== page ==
For Immediate Release, May 26, 2016
Contact: Peter Galvin, (707) 986-2600, email@example.com
President Obama Asked to Stop U.S. Military Project That Threatens Endangered Dugong
OKINAWA, Japan— During President Obama’s visit to Japan for the G-7 summit, the Center for Biological Diversity called on him to abandon his controversial plan to build a large new military base in biologically rich and sensitive Henoko and Oura Bay. The bay is home to the dugong — a marine mammal related to manatees that is an ancient cultural icon in Okinawa — and other endangered species. That project is strongly opposed by residents of the island, which has had a huge U.S. military presence since the end of World War II, and that opposition was galvanized by the recent murder of a young Okinawan woman, allegedly by a U.S. military contractor, for which Obama was publicly rebuked Wednesday by Prime Minister Shinzo Abe.
“Our large and lingering military presence has enraged the Okinawan people and now it’s threatening the dugong with extinction. President Obama should use his visit to Japan to abandon this controversial, ill-considered project,” said Peter Galvin, director of programs for the Center. “The people and wildlife of Okinawa need a chance to recover from our 44-year occupation of that biologically rich island.”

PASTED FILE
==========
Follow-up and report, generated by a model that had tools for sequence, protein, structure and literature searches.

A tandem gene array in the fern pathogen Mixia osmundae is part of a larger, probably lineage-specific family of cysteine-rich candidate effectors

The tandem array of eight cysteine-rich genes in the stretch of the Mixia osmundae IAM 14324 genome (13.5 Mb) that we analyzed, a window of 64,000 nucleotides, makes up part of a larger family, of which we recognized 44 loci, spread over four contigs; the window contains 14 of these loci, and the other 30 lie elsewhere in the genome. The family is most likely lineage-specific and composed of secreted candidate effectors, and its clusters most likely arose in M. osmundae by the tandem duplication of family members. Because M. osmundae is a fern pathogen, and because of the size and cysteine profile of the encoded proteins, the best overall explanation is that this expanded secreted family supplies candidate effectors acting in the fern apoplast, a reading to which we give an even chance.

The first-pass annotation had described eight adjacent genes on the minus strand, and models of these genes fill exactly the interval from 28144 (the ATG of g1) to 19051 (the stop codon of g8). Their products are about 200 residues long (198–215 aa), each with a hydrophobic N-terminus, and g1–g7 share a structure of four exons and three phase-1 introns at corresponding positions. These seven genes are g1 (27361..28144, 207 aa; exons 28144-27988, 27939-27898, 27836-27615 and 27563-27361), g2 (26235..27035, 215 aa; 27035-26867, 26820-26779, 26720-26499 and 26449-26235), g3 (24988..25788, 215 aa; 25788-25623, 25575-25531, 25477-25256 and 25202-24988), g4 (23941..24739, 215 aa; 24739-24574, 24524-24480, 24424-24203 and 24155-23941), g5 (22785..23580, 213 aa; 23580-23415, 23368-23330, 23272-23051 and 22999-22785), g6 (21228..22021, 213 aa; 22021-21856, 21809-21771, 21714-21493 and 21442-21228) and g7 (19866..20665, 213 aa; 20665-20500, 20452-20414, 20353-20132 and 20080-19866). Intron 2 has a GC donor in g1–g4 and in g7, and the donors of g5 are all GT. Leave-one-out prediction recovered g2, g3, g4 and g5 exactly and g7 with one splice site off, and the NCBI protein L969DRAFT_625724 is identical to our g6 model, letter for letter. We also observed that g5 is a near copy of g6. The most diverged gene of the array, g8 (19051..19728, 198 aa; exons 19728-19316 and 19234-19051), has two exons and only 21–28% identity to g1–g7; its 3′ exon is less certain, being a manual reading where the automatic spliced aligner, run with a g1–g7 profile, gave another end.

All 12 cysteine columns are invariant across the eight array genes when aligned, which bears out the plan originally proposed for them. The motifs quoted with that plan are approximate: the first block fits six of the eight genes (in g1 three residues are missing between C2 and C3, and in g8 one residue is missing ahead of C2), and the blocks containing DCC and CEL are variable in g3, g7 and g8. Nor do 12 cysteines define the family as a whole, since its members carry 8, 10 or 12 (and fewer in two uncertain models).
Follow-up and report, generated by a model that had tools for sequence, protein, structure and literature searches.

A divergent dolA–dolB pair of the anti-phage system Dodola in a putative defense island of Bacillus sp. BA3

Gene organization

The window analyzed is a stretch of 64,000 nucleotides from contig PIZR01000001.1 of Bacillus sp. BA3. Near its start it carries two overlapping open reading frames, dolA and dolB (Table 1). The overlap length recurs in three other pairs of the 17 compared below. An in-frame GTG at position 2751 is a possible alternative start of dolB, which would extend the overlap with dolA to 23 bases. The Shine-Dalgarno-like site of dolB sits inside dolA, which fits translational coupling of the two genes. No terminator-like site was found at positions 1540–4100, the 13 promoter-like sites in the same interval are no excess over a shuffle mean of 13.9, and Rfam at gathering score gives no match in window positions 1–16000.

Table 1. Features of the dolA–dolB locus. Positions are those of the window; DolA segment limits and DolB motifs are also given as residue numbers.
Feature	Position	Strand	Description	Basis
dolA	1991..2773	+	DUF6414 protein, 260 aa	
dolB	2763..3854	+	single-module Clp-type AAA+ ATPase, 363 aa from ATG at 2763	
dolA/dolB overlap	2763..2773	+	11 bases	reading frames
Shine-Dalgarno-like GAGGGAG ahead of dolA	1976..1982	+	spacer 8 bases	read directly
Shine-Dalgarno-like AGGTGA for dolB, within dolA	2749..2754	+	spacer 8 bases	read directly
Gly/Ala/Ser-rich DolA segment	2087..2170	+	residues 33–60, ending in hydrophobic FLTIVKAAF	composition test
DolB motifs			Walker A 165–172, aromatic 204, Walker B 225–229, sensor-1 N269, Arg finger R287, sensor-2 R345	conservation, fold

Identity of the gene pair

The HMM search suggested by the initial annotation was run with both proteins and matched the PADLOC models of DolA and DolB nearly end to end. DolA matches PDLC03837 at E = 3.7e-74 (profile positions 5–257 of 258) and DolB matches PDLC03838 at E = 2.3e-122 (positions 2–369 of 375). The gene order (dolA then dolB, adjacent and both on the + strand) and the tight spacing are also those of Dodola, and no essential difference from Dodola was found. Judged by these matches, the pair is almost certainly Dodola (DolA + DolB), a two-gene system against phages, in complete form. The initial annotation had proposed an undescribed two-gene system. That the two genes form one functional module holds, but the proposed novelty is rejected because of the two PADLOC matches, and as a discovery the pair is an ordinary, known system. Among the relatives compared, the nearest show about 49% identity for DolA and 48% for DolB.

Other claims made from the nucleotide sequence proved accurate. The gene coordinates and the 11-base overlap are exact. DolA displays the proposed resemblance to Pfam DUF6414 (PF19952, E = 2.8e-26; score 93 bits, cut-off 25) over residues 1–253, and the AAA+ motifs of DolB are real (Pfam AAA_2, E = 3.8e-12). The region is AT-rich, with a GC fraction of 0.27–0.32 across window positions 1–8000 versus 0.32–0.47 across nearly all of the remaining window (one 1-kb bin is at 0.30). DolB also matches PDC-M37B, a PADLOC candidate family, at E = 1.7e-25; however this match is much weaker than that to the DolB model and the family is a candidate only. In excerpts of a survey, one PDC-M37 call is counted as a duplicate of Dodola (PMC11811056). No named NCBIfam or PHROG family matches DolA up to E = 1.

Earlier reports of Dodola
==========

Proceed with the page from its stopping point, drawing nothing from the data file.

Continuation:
The military base project was approved with inadequate environmental review after being pushed through by the U.S. and Japanese national governments. Okinawan Gov. Takeshi Onaga last year withdrew local consent for the project, which is currently on hold pending a political resolution. The Center for Biological Diversity and other groups are challenging the project and that case is now before the 9th Circuit Court of Appeals.
“Okinawa dugongs are barely hanging on, a sad fact that the approval process for this project ignored. We stand with the Okinawan people in calling for a real environmental review and respect for local concerns,” Galvin said. “We shouldn’t let the U.S. military continue to trash the Okinawa area or our relationship with its people.”
The Center for Biological Diversity is a national, nonprofit conservation organization with more than 1 million members and online activists dedicated to the protection of endangered species and wild places.